Also, of course, it will be an important question of fact, in some cases, whether the water which actually did the damage did, in fact, come from a source, eg. overflowing of a natural watercourse, which brings it within most flood exclusions. Since flood cover is deleted by means of an exclusion, when it would otherwise fall within the cover under most policies, the Insurer bears the burden of proving that the exclusion applies. In other words, it is their job to prove where the water came from, before they can reject a claim. In many cases, of course, this will be obvious and indisputable, however, there will also be some cases where experienced technical evidence will be needed to determine whether the exclusion applies. It is up to the Insurer to provide it, not the Insured, although Insured are free to produce their own evidence if they wish.

What are the major areas of dispute that are likely to arise over calculation of losses and claim entitlements, where there is coverage?

An interesting issue sometimes arises in the context of business losses by professional firms, who charge for their services by the hour on an ongoing basis, involving the distinction between cash flow and revenue. The question, in a nutshell, is whether sales or turnover have been lost or merely deferred, and under Business Interruption accounting principles the Insurer is entitled to take into account various contingencies affecting the business in order to determine the actual loss.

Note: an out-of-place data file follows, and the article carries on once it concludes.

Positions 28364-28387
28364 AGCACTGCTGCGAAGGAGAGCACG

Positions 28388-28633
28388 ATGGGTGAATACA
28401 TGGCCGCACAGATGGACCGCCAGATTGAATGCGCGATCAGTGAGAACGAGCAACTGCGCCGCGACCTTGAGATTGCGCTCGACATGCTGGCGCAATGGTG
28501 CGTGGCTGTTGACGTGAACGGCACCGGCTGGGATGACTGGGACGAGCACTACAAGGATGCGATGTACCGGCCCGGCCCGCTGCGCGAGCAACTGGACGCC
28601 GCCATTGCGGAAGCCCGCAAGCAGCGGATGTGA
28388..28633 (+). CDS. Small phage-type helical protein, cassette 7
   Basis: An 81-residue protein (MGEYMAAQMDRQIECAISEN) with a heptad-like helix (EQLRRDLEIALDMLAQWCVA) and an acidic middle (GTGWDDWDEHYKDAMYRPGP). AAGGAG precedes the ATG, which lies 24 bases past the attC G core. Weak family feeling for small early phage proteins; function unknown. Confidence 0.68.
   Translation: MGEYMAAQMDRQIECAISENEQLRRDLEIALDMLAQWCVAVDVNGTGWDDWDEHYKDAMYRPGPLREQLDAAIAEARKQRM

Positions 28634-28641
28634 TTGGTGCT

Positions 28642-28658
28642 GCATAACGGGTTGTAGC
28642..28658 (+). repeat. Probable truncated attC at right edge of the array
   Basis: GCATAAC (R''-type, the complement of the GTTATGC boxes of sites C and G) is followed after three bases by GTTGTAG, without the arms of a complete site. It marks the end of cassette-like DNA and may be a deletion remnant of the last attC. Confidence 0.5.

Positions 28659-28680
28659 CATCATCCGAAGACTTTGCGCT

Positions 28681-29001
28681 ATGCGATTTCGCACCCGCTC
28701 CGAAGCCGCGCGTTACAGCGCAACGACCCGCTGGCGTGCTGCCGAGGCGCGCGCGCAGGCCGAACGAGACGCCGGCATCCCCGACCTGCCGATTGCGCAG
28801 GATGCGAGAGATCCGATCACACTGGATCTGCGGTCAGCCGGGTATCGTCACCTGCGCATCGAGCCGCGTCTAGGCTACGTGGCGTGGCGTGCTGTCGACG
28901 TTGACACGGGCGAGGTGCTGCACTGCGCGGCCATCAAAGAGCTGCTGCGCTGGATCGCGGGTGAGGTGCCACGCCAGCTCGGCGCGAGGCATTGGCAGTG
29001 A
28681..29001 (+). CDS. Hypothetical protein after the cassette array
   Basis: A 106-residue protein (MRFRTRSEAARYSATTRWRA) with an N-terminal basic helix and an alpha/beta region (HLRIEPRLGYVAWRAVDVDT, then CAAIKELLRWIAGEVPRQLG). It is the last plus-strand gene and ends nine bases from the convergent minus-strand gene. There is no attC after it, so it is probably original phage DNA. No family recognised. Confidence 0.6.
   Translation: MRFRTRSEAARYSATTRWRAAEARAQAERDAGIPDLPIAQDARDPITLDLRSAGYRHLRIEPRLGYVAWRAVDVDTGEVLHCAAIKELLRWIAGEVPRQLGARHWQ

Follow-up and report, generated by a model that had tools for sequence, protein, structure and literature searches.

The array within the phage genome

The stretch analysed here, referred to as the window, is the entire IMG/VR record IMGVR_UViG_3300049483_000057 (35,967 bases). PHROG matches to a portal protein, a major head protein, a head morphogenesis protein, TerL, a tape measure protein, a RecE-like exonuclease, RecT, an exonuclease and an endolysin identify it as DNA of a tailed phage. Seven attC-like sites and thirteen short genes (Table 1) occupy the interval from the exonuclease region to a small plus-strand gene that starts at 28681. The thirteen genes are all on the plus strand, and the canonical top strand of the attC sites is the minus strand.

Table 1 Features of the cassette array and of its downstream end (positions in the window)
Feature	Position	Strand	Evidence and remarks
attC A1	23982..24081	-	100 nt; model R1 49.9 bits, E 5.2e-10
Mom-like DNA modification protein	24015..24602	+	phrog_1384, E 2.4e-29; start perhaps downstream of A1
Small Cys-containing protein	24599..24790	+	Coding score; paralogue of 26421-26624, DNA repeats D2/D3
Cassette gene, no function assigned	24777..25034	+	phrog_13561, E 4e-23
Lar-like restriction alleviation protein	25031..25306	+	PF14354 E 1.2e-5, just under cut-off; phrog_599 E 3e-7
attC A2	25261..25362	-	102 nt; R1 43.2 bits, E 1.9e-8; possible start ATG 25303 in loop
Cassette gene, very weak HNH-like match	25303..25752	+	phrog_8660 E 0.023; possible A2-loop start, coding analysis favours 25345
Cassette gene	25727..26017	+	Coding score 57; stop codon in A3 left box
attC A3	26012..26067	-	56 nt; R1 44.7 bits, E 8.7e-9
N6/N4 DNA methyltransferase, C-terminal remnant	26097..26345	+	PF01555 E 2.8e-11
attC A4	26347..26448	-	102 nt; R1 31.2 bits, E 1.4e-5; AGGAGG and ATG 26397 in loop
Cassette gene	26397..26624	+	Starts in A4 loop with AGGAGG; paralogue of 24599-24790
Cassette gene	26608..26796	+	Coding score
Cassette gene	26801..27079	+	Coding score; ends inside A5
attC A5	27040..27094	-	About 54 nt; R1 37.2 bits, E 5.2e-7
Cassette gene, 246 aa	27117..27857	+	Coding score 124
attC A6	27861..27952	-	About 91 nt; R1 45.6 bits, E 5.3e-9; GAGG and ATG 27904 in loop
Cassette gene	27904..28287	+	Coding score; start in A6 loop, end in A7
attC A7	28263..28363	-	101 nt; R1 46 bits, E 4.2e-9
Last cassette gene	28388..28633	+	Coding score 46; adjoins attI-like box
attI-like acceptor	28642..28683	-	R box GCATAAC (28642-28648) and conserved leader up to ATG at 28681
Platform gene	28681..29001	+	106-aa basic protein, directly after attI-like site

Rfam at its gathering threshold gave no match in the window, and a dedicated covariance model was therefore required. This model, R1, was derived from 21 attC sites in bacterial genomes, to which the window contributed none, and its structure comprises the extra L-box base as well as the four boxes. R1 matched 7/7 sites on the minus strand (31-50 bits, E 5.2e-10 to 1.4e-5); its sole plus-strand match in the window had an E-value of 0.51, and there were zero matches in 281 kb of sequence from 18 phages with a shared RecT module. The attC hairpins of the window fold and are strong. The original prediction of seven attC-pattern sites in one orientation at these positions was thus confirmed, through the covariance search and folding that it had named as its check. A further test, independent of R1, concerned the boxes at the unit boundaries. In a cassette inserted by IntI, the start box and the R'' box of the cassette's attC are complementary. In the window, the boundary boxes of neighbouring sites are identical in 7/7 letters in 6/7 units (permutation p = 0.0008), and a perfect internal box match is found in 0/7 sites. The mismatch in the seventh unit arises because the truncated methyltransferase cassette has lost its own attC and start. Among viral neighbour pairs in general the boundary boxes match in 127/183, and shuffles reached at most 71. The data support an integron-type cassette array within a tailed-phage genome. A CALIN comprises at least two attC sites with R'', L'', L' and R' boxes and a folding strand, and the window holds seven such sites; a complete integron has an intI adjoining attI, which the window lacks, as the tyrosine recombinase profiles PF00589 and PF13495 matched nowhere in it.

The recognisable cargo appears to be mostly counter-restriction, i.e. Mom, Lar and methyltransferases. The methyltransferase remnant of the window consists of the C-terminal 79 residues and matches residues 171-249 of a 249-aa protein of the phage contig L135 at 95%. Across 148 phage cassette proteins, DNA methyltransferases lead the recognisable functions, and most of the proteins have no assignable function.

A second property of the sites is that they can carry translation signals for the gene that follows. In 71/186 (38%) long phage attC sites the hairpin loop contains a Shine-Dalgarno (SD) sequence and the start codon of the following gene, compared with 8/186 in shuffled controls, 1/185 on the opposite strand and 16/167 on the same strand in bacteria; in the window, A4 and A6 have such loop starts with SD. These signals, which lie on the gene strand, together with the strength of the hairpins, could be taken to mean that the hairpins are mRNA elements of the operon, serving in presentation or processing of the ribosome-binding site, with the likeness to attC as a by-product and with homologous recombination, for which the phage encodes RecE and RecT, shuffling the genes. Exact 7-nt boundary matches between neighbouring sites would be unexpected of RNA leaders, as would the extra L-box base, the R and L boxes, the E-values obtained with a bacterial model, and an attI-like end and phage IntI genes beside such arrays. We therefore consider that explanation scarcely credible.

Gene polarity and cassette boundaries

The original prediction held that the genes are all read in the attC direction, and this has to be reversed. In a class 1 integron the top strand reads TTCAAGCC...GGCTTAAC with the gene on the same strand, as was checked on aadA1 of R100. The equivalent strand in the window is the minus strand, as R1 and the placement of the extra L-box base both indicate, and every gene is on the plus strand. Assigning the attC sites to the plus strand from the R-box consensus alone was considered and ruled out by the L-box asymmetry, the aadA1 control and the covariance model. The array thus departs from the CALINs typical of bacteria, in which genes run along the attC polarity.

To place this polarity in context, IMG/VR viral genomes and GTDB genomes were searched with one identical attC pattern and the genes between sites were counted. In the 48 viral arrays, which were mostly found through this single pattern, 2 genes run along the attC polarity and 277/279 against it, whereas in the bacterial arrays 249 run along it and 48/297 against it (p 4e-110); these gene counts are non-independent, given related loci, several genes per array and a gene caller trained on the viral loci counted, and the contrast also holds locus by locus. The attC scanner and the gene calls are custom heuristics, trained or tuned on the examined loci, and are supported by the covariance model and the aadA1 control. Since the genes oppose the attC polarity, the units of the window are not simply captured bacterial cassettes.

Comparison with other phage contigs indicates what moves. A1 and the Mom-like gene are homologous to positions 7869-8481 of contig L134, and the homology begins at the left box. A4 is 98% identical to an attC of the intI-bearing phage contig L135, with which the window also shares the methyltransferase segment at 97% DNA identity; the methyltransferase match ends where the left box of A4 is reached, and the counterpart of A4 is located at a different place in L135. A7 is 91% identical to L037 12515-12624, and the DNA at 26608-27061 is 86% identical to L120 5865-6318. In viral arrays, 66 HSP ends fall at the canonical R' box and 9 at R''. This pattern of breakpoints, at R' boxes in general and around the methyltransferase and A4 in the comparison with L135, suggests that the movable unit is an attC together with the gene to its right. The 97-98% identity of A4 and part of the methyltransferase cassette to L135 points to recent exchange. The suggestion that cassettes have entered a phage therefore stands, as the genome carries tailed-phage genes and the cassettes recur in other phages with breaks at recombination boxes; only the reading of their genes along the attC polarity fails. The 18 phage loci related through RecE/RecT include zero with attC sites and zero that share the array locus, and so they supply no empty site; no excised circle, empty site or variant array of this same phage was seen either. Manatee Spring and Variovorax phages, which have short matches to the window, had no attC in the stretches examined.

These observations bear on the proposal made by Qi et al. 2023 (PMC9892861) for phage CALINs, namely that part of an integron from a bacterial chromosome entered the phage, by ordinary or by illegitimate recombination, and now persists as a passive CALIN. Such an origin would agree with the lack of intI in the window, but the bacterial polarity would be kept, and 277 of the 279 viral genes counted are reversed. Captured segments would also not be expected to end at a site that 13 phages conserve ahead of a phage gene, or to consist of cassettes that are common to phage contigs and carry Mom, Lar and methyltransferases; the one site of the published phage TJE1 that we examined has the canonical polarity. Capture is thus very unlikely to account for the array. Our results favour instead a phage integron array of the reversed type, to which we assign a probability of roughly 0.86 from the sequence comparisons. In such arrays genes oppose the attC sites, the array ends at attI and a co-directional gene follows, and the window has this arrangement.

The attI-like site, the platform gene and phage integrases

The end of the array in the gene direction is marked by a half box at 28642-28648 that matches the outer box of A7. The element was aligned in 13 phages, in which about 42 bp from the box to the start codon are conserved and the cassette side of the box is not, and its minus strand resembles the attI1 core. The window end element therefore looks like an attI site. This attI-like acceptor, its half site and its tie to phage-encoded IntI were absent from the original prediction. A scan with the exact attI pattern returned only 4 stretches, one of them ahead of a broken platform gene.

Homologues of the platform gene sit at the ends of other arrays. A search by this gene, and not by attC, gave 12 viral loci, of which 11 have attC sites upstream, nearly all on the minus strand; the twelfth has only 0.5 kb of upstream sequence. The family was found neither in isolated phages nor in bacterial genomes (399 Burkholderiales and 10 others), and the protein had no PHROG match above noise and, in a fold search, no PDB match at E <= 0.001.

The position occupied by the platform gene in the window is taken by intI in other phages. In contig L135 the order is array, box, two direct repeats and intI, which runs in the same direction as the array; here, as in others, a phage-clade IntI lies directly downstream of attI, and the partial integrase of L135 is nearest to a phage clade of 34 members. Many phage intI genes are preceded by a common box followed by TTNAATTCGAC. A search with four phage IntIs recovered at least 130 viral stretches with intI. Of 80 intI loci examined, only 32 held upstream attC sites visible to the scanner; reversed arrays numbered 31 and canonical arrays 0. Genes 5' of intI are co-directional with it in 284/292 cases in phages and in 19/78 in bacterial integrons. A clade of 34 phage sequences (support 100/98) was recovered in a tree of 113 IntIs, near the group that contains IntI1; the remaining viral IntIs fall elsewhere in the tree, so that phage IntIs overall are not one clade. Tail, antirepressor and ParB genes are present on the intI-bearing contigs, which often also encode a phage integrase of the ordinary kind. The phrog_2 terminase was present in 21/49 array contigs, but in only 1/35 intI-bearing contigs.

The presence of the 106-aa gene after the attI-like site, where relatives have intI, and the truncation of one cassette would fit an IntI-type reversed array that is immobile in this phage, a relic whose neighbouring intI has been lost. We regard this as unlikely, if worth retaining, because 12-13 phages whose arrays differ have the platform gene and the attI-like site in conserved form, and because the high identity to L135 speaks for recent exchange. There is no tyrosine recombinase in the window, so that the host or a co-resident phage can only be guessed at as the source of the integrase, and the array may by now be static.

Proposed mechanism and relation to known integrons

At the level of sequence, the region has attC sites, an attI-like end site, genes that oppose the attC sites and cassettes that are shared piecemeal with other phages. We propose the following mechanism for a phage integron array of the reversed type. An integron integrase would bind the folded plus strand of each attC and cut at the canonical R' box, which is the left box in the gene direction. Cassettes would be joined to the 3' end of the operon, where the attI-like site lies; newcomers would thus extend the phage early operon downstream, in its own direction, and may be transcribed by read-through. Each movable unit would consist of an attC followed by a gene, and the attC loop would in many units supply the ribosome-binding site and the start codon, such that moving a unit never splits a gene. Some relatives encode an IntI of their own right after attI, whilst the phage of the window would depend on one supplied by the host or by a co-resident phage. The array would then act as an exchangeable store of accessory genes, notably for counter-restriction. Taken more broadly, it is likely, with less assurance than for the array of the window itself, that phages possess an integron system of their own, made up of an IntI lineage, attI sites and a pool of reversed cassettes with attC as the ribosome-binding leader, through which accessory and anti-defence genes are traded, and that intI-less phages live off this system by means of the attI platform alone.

With this many Property Damage and Business Interruption losses, there are bound also to be issues arising over the adequacy of declared limits and amounts of cover purchased, which will bring into play so-called "average" or "co-insurance" clauses, whereby the Insured which has underinsured its risk has to share proportionately in the loss, even where it is not a total loss. Some ISR policies also have "premium adjustment" clauses in them and the combined effect of these and the average clauses is that the Insured who has under declared not only may not get paid the full amount of an inadequate limit, but may be hit with a claim from the Insurer for additional premium into the bargain. That is a pretty sure recipe for an insurance dispute.

Finally, because of the sheer scale and cumulative affect of these floods, there are likely to be issues around the number of excesses which policyholders should bear. Most, but not all, ISR and Fire and Perils policies contain a "72 hour clause", providing that all the damage which occurs during that period is treated as one claim and attracts only one excess. Even where there is such a clause in the Policy, there are often arguments over precisely when the period starts and finishes. Where it is absent. it can be very difficult in the context of successive waves of flooding to determine how many events, occurrences, accidents or what have you have taken place and how many excesses should apply. For Insureds carrying high deductibles, this can make a substantial difference to the amount of their claim.

Is there any basic tip which you would give to flood-affected policyholders, consumers or business people?

Read your policy and related documents closely and if you have any doubts or concerns at all regarding your entitlement or the way you have been treated, talk to your friendly neighbourhood insurance lawyer before you accept either a settlement or a knockback.

The content of this article is intended to provide a general guide to the subject matter. Specialist advice should be sought about your specific circumstances.